Unlike my fellow Offender Roger, I didn’t fear Filipina girls when I was growing up, but I don’t think I personally knew too many of them either (or I simply assumed they were Latina). So when this Filipina girl I liked (let’s call her Holly) agreed to go to a movie with me, it was my first real exposure to anything Filipino. Which is to say I expected them to be like the other Asians I knew at the time—studious, repressed, etc… Man, was I wrong.
The first sign that my preconceptions would be smashed took place as I was walking up to Holly’s house to pick her up. I could hear the sound of music—Stevie Wonder’s “Superstition,” to be precise—blaring from inside. When I knocked on the door, I was greeted by a 50-year-old Pinoy gentleman (Holly’s father) who grabbed my arm and implored me to come in and join in the “family dance time.” I entered to see Holly and her family—siblings, mother, grandparents and various cousins, aunts and uncles all singing and dancing to Stevie Wonder in the living room for no apparent reason except…they wanted to. I had never met another family who did anything like this, but I have to admit it was pretty cool.
I later asked Holly if that was a common occurrence in her household. “You mean do we break out into song and dance for no reason?” She asked. “Of course, we’re Filipino.”
And that was the first time I was introduced to one of the most common stereotypes pertaining to Filipinos—that they are naturally musical and have great musical ability. Or to put it simply—they can sing and dance better than the rest of us. Today, I present some of the “evidence” I’ve collected including comments that you sent us via email, Twitter and Facebook so you can decide for yourself if this is Chinky or not Chinky?
On the surface the “evidence” seems to support the argument that Filipinos are musical and take their music very seriously. A majority of the Asians who have made a mark in the world of music or dance in the U.S. do indeed appear to be Filipinos. They include:
Dancing With The Stars’ Cheryl Burke:
Journey lead singer Arnel Pineda:
The Black-Eyed Peas’ apl.de.ap:
The mostly Filipino dance crew JabbaWockeeZ:
Tony Award-winning star of Miss Saigon Lea Salonga:
(Note: Even though the lead female character in Miss Saigon is Vietnamese, the role is frequently played by Filipina actresses. In fact, East West Players’ latest production of Road To Saigon features three of the actresses who starred in that play and guess what…they’re all Filipina)
If this weren’t enough, we also have stories like this one I wrote a few months back about how singing the wrong song when you karaoke in the Philippines could get you killed. If that’s not a culture that takes its music seriously, then I don’t know what is. However, when this question was posed to you, our readers, we got a wide-range of responses; ranging from ignorance:
Min Joo: Hmm.. never even heard of that stereotype. thought it was Japanese and Koreans who were more musical at least in terms of instrumentals.
To a repudiation of the stereotype:
Linda: OMG so racist! Koreans are musical too lol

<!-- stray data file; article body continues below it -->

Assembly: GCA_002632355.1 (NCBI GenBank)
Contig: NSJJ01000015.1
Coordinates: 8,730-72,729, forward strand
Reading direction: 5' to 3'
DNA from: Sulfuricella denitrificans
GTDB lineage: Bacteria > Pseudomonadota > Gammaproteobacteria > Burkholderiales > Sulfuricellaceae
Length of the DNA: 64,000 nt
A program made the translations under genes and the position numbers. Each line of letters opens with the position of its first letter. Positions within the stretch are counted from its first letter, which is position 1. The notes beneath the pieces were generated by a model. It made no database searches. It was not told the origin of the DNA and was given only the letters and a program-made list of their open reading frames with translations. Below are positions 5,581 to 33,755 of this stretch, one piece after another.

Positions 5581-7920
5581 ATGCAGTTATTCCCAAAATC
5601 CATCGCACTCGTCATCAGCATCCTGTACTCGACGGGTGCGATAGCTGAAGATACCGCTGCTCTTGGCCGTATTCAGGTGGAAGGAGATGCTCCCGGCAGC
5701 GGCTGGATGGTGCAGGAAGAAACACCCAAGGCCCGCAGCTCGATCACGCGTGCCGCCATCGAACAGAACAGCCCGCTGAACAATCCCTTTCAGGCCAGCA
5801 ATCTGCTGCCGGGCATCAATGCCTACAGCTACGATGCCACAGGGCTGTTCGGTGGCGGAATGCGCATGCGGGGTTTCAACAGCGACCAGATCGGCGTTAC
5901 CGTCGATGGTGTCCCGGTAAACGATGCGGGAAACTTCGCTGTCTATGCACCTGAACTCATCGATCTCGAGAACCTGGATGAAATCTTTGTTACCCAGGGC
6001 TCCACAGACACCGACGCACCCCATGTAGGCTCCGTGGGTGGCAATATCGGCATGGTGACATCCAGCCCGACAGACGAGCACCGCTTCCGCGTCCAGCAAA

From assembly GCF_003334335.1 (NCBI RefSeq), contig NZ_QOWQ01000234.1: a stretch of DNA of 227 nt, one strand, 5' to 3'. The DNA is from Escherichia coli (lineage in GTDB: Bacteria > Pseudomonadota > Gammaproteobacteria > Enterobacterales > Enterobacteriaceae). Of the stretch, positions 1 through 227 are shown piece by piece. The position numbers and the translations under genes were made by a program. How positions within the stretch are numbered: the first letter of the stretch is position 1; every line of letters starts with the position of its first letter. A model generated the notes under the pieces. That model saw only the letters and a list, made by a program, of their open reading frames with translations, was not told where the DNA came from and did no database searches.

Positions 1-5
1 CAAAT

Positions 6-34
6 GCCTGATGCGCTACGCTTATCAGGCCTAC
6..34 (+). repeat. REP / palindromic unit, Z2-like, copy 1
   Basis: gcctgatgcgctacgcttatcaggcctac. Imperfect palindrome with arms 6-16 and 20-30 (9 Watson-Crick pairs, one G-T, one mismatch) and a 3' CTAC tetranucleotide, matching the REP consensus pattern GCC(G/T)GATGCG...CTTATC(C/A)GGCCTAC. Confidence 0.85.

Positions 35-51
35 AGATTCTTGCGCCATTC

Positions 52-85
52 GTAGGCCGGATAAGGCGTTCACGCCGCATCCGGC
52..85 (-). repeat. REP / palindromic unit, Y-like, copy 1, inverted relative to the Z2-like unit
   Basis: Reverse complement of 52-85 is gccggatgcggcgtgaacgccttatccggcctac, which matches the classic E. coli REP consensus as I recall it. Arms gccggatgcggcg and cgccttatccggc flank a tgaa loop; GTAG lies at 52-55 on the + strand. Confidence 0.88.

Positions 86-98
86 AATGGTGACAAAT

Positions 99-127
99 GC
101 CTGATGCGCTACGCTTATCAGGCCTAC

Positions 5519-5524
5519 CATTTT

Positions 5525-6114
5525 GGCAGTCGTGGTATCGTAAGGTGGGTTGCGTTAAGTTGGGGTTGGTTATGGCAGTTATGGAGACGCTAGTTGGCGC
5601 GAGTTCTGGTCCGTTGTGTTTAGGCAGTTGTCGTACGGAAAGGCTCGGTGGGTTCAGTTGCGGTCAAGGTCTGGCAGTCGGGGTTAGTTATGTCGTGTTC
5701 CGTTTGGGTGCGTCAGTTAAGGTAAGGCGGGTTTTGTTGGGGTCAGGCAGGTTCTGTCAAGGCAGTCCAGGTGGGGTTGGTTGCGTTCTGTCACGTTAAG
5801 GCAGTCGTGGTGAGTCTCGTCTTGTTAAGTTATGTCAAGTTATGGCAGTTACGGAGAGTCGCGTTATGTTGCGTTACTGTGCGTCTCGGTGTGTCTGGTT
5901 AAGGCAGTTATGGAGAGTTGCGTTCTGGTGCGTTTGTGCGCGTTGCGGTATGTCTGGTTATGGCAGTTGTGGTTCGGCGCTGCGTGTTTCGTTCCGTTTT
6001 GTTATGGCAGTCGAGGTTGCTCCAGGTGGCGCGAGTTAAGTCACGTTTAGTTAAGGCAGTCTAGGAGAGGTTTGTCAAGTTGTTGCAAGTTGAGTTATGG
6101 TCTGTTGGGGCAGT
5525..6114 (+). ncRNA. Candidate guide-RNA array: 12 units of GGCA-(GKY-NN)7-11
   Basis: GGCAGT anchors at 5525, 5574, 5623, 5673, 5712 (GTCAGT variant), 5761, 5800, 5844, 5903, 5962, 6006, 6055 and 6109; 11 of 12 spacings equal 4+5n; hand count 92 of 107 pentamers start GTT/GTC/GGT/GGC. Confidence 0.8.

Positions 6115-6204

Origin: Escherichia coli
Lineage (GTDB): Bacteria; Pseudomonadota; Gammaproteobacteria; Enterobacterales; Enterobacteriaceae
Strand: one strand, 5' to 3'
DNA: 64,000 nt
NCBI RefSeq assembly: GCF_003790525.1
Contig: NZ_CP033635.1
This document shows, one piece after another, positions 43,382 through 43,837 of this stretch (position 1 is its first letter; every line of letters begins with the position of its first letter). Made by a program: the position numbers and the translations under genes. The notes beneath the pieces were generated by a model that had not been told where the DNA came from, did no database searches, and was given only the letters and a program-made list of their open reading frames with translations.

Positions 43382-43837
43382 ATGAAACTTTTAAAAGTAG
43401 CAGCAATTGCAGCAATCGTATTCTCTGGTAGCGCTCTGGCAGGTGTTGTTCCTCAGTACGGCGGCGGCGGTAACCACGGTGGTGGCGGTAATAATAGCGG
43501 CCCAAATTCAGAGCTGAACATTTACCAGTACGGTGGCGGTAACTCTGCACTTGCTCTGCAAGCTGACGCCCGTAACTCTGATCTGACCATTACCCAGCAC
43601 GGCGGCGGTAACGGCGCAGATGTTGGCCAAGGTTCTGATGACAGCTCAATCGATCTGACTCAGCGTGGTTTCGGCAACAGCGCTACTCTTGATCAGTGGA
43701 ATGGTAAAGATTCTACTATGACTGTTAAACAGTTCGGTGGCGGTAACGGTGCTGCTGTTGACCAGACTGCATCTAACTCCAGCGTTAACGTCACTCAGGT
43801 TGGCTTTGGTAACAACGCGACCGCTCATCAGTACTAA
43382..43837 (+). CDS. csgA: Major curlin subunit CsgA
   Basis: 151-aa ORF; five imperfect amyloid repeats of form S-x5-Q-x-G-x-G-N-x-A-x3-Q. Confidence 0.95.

Phong: It’s like saying all blacks can play B-ball, all Asians all smart etc..u know…
To a validation of the stereotype:
Bill: In my personal experience, yes! Ha, no one can’t call me a racist since I wrote “personal experience”.
Eunice: We are naturally musical 😀 we have these regular weekend shows we call “concert TV”, and they’re all about dancing and singing for almost 3 hours 🙂
What I did find interesting from the responses was that almost everyone who said the stereotype was bullshit were non-Filipinos and almost all of you who said the stereotype was pretty accurate were Filipinos. Make of that what you will.
But if indeed it is true and Filipinos are more musical, why might that be? One of our Korean readers offers this possible explanation:
Hj Joo: I think there may be a cultural reason…I think Koreans consider the pursuit of arts a disgrace. I think most Korean parents want their kids to major in something pragmatic like econ or computer science and become that doctor/lawyer. I sure as hell know I’ve been a disgrace to my family for my creative pursuits. I wonder if the same discouragement exists for Filipinos or to a lesser extent, which would allow them to pursue singing and dancing without shame.
But as another reader reminds us, even if the stereotype is mostly true, you can’t apply it across the board:
John: I only know a handful of Filipinos, but none of them are tone deaf. I cannot attest to their dancing as I’ve not witnessed it. However, I don’t doubt that there are tone deaf rhythm-lacking Filipinos out there.
And if you need first-hand documentation of one of those tone-deaf, rhythm-less Filipinos. Remember this brotha from American Idol a few seasons back:
So what do you think? Can Filipinos sing and dance better than the rest of us? And if you think the stereotype is true, any theories why? Chinky or not chinky?
Let me give the final word to another Filipina reader:
Leonora: Is it a stereotype? In my part of town, we would shrug it off and punch in the code for the next karaoke song.